As mentioned in the introduction of the present description, the SMS is a “store-and-forward” service: if, at the time the SMS message is received at the SMSC 140, the destination MS 120 r cannot be reached, for example because it is temporarily out of the coverage of the network's BSSs, or it is switched off, the SMS message cannot be delivered to the intended destination. The SMS message is thus stored at the SMSC 140, in a SMS message database 150 held by the SMSC 140, for allowing the SMSC 140 perform future delivery attempts, so that the SMS message can be delivered to the intended destination MS 120 r as soon as possible, when the MS becomes available. To this purpose, an automatic “alert” process may be started at the MSC 130, which causes the SMSC 140 to be notified of when the destination MS 120 r connects to the network 100.

In order to increase the level of security of the conventional, plain messaging service, encryption of the SMS messages is implemented, by providing the sender and the receiving MSs with an SMS message cryptographic engine capable of encrypting/decrypting the SMS messages to be sent/received, based on a specified cryptographic algorithm, working with encryption/decryption keys. Any one of the known cryptographic processes may in principle be used, performing either a symmetric encryption/decryption (a cryptographic process wherein single key is used for both encrypting and decrypting the message) or an asymmetric encryption/decryption (an encryption/decryption scheme that uses a couple of keys: a public key, used for encrypting the plaintext, and a corresponding private key for decrypting the ciphertext).

In particular, according to an embodiment of the present invention, the possibility is offered to, e.g., the network operator, such as the operator of the network 100, of modifying, more or less heavily, depending on the needs or desires, the way in which the cryptographic (encryption/decryption) process is carried out, in an OTA way, i.e. exploiting the communications capabilities of the mobile communications network 100.

Even more particularly, according to an embodiment of the present invention, in case parametric cryptographic algorithms are used at the mobile stations for encrypting/decrypting messages, the cryptographic algorithm resident in a generic mobile station can be substituted tout court with a different cryptographic algorithm, or at least the configuration parameters of the cryptographic algorithm running on the MSs can be modified.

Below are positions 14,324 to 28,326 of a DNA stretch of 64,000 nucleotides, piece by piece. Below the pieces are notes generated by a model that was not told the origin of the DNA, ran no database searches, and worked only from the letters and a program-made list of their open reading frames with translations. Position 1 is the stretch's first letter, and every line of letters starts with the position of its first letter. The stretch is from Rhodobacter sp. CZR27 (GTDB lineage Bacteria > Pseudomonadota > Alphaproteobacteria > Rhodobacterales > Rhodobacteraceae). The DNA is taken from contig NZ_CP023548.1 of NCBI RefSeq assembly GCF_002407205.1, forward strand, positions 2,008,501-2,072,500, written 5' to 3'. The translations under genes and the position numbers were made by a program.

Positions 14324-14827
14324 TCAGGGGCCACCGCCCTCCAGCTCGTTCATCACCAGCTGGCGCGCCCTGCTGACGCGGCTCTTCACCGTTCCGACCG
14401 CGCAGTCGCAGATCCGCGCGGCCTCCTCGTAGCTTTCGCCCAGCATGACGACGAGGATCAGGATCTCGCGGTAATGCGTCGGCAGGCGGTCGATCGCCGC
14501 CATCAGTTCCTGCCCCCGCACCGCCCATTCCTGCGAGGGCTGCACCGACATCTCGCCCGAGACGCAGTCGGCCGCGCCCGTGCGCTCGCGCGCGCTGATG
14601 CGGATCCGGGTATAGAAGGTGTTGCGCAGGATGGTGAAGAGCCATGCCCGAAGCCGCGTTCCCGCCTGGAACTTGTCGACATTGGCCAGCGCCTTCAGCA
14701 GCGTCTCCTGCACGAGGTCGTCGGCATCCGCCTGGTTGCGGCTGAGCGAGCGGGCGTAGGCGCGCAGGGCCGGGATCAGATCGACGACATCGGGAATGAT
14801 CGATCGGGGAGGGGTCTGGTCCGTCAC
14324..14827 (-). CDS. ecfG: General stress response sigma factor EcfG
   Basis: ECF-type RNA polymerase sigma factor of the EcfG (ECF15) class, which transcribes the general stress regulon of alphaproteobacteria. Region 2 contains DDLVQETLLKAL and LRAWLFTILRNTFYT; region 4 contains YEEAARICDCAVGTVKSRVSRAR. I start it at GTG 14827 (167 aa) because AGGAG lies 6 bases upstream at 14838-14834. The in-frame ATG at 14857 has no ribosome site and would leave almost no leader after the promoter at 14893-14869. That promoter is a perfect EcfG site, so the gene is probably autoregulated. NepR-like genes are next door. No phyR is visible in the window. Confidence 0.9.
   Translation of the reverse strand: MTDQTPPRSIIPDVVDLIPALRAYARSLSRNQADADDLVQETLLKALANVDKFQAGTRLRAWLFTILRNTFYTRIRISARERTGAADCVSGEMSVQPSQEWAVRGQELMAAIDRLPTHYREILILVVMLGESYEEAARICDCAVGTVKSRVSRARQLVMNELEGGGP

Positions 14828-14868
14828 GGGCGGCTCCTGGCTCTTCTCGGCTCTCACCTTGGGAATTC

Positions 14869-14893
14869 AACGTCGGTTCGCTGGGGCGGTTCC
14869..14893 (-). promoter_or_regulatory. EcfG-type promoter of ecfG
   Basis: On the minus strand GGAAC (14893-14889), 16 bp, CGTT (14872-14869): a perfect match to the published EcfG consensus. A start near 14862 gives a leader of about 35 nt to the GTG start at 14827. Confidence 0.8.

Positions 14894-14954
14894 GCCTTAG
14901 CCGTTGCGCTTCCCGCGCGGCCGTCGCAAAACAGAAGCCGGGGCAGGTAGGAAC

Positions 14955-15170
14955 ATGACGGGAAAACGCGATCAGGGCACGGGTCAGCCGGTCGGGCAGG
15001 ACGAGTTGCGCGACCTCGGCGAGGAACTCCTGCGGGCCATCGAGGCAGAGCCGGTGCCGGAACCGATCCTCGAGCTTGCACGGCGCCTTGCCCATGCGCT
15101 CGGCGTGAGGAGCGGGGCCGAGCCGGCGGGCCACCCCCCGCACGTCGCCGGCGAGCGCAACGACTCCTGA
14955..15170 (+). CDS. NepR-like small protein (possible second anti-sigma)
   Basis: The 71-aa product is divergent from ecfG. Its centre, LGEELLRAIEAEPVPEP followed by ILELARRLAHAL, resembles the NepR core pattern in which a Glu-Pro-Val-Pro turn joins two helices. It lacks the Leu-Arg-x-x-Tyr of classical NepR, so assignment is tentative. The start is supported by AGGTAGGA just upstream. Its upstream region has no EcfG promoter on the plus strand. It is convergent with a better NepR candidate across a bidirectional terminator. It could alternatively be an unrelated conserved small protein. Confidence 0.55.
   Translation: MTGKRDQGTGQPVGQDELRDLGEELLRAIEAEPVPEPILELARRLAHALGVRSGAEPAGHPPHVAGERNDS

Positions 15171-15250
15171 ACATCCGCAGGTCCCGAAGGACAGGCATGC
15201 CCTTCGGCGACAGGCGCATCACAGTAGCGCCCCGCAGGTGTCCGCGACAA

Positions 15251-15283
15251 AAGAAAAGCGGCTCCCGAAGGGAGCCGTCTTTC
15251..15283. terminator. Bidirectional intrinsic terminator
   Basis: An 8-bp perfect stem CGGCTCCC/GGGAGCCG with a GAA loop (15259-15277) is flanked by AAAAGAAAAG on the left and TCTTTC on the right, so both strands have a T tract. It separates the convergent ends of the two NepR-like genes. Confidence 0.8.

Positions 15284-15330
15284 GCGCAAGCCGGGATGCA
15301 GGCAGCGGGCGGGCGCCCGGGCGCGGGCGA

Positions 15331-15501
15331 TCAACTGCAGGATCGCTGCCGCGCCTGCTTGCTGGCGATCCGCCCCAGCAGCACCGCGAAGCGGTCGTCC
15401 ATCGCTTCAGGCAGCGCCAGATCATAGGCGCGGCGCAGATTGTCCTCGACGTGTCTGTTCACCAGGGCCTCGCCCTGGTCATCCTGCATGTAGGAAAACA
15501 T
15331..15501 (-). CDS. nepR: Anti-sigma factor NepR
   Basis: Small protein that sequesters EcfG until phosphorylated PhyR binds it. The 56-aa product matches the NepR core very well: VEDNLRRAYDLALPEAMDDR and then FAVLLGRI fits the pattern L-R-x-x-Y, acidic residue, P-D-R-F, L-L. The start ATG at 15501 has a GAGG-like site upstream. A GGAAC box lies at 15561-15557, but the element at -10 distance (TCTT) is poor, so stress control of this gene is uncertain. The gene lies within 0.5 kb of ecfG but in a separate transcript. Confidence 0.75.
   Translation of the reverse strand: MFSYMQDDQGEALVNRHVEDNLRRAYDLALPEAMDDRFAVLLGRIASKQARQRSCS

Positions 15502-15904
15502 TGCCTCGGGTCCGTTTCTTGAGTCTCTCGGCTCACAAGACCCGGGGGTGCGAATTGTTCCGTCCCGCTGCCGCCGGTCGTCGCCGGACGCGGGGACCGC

Preferably, in addition to the possibility of upgrading/updating OTA the cryptographic algorithm, an OTA encryption/decryption key(s) updating is also envisaged.

According to an embodiment of the present invention, in the mobile communication network 100 a messaging security management server 155 is provided, located for example (albeit not limitatively) in the core network 100.

The security management server 155 manages in particular the operations of modifying (updating/upgrading) the way in which the cryptographic process is carried out in the MSs, as described in detail later on through an example; in particular, the security management server 155 manages the operations that allow substituting the cryptographic algorithm resident in the MSs with a completely different one, and/or changing configuration parameters for the (parametric) cryptographic algorithm. Preferably, the security management server 155 also manages the operations that allow changing the encryption/decryption key(s) used by the cryptographic algorithm for obtaining a ciphertext message from a plaintext message, and viceversa.

The security management server 155 may communicate with the MSs in any suitable way, for example via SMSs (and to this purpose the server 155 is connected to the SMSC 140), and/or by GPRS data packets through a GPRS connection, where supported (in FIG. 1, a block 160 is representative of all the network components necessary for implementing the GPRS in the network 100).